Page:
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10 September 2010 ~

The saga of Wayne Rooney's three-month affair in the summer of 2009 has now been plastered across the press for several days in a row. But if the News of the World are looking for a real scandal to get their teeth into, they should investigate claims that the prime minister's communications director authorised phone tapping of various prominent figures when he was editor of....ah. Footballers have their uses.

Badge of the week ~ Unión San Felipe, Chile
This is a nice one because it is so welcoming. See how the "U" of Unión is made to double as the road that passes directly past the nearest Holiday Inn, promising the weary traveller a competitively priced evening meal and a room with a choice of five different types of pillow. Holiday Inn really do have what they refer to as a "Pillow Menu" incidentally – this is not satire, this is 21st-century fact. And of course the red chef's hat with eyeholes and attached crucifix means that your meal will be cooked by an angry evangelical munchkin. Why a South American football club would want to have a low-rent Hotel California motif on their crest is not immediately obvious. Perhaps the Holiday Inn/Travelodge/Trust House Forte architecture is considered enough to depress the away team into wondering why they ever agree to go on these ill-considered business trips every other weekend. Cameron Carter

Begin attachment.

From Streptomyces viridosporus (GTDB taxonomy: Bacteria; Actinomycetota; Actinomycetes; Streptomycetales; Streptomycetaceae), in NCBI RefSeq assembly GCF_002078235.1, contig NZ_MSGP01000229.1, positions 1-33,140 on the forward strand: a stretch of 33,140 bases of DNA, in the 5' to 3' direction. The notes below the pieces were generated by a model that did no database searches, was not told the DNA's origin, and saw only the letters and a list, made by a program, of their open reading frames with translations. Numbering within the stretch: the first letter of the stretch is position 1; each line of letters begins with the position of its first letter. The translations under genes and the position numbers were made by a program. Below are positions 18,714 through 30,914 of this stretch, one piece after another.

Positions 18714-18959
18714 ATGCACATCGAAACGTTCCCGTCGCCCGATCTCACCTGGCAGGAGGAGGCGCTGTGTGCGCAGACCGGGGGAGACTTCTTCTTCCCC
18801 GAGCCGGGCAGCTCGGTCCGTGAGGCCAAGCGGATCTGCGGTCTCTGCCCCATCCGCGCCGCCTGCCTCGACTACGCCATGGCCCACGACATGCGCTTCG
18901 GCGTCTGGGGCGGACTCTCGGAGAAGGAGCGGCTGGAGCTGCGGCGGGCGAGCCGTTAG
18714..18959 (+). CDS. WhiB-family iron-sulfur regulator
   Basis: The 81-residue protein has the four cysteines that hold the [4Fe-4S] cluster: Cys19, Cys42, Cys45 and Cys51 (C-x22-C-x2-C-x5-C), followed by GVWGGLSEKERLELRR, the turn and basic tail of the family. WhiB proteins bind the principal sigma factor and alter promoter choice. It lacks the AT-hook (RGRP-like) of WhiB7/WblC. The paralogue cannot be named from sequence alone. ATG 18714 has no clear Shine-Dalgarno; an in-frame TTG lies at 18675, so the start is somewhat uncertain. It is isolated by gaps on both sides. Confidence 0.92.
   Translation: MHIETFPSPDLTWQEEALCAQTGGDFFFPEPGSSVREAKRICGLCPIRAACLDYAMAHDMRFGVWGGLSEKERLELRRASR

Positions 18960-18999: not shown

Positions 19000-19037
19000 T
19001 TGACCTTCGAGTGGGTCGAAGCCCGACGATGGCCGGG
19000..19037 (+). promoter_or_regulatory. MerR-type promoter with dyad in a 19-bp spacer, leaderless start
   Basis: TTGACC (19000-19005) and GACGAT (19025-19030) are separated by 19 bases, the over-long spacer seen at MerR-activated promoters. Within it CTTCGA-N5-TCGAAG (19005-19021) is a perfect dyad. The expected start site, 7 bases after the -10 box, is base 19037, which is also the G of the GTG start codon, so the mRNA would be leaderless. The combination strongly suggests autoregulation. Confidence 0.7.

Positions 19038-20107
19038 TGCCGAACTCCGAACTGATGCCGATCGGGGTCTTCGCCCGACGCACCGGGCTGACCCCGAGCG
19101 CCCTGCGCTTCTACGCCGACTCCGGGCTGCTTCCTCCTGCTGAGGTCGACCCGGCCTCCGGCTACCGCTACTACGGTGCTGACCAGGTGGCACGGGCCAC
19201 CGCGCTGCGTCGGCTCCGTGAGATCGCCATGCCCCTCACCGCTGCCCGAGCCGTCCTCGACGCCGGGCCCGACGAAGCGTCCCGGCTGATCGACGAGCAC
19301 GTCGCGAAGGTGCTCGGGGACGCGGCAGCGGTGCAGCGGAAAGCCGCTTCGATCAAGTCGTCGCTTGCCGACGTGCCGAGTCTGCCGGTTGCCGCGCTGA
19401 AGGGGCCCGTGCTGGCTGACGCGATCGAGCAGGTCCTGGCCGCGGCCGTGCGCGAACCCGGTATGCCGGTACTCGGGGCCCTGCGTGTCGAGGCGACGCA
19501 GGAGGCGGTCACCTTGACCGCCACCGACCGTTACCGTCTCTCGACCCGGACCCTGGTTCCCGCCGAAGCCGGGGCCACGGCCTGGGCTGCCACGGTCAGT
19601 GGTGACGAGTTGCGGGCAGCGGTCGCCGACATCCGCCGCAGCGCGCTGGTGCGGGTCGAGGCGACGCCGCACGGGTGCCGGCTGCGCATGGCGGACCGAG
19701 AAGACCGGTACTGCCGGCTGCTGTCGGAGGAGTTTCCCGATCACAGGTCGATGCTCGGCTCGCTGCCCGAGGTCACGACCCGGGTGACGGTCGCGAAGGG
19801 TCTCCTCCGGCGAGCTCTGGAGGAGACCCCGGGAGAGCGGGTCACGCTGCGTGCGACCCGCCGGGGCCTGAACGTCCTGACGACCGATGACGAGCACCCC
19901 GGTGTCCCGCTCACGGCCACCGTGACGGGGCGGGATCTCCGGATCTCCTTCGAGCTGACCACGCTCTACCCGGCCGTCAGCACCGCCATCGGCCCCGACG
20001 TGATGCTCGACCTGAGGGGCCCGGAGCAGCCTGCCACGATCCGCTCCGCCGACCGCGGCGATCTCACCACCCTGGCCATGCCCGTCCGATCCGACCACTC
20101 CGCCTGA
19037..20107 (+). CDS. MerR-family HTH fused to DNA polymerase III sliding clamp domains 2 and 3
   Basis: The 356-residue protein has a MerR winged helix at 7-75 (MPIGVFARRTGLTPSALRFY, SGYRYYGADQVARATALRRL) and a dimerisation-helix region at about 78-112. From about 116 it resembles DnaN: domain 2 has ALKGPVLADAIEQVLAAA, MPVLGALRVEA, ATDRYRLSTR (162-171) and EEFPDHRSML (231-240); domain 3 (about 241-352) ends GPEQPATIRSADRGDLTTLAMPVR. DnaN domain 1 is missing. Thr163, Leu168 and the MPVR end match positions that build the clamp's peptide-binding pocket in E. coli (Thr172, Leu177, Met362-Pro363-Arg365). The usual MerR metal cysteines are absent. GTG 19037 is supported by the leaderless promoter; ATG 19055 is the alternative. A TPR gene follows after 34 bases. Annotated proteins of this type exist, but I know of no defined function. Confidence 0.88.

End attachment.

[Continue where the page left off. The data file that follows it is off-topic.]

from Eddie Hutchinson
"It's bad enough having the FA accommodate and nurture the pariahs at Milton Keynes, but recently it seems the BBC's Football League Show has joined in. On September 4, with no games in the Championship, the show could have taken the opportunity to cover, for example, the inaugural East End derby between Dagenham & Redbridge and Leyton Orient, or showcase a League Two game such as the through-your-fingers derby between Macclesfield Town and Stockport County. Instead, we were 'treated' to MK Dons v Hartlepool Utd.

Already this season, the programme has given the club coverage in their Potted History section (note to the BBC – there are 71 other clubs in the Football League with longer and more deserving histories to choose from) and, to cap it all, some bright spark has placed the club's chevron-on-a-stick logo in a prime studio location adjacent to Manish Bhasin's head, when it should be much closer to Steve Claridge's behind."

Getting shirty Notable kits of yesteryear

Macclesfield Town home, 1997-98
Macclesfield fans love the 1997-98 home shirt (shown here as 1996-97), not only for its V-necked simplicity and classic all-blue, but for what it represents. For this was the shirt of our debut Football League season, often seen accessorised with an Efe Sodje bandana in honour of the defender who nodded in our first professional goal. This was the shirt of John Askey and Steve Wood, 30-something non-League stalwarts who were expected to struggle in the professional game. They thrived and we finished second, catapulting us upwards again into a division containing Manchester City, Stoke and Burnley.

Made by Super League, this shirt kicked off a ten-year trawl through the lower echelons of budget sportswear taking in five different companies – each with their own quirks of quality and freestyle sizing charts. The end came with the rare home kit of 2007-08 made by A-Line. Designed by a competition-winning supporter, it featured a large "S" motif so elaborate and expensive to produce that it almost sent the company's UK arm to the wall. Luckily, our replica shirt needs are now in the hands of a three-striped global monster and, despite losing a degree of originality in design, you'd probably risk one on a hot wash. Andy Fraser

Buy this shirt and hundreds of others at Classic Football Shirts

from Lewis George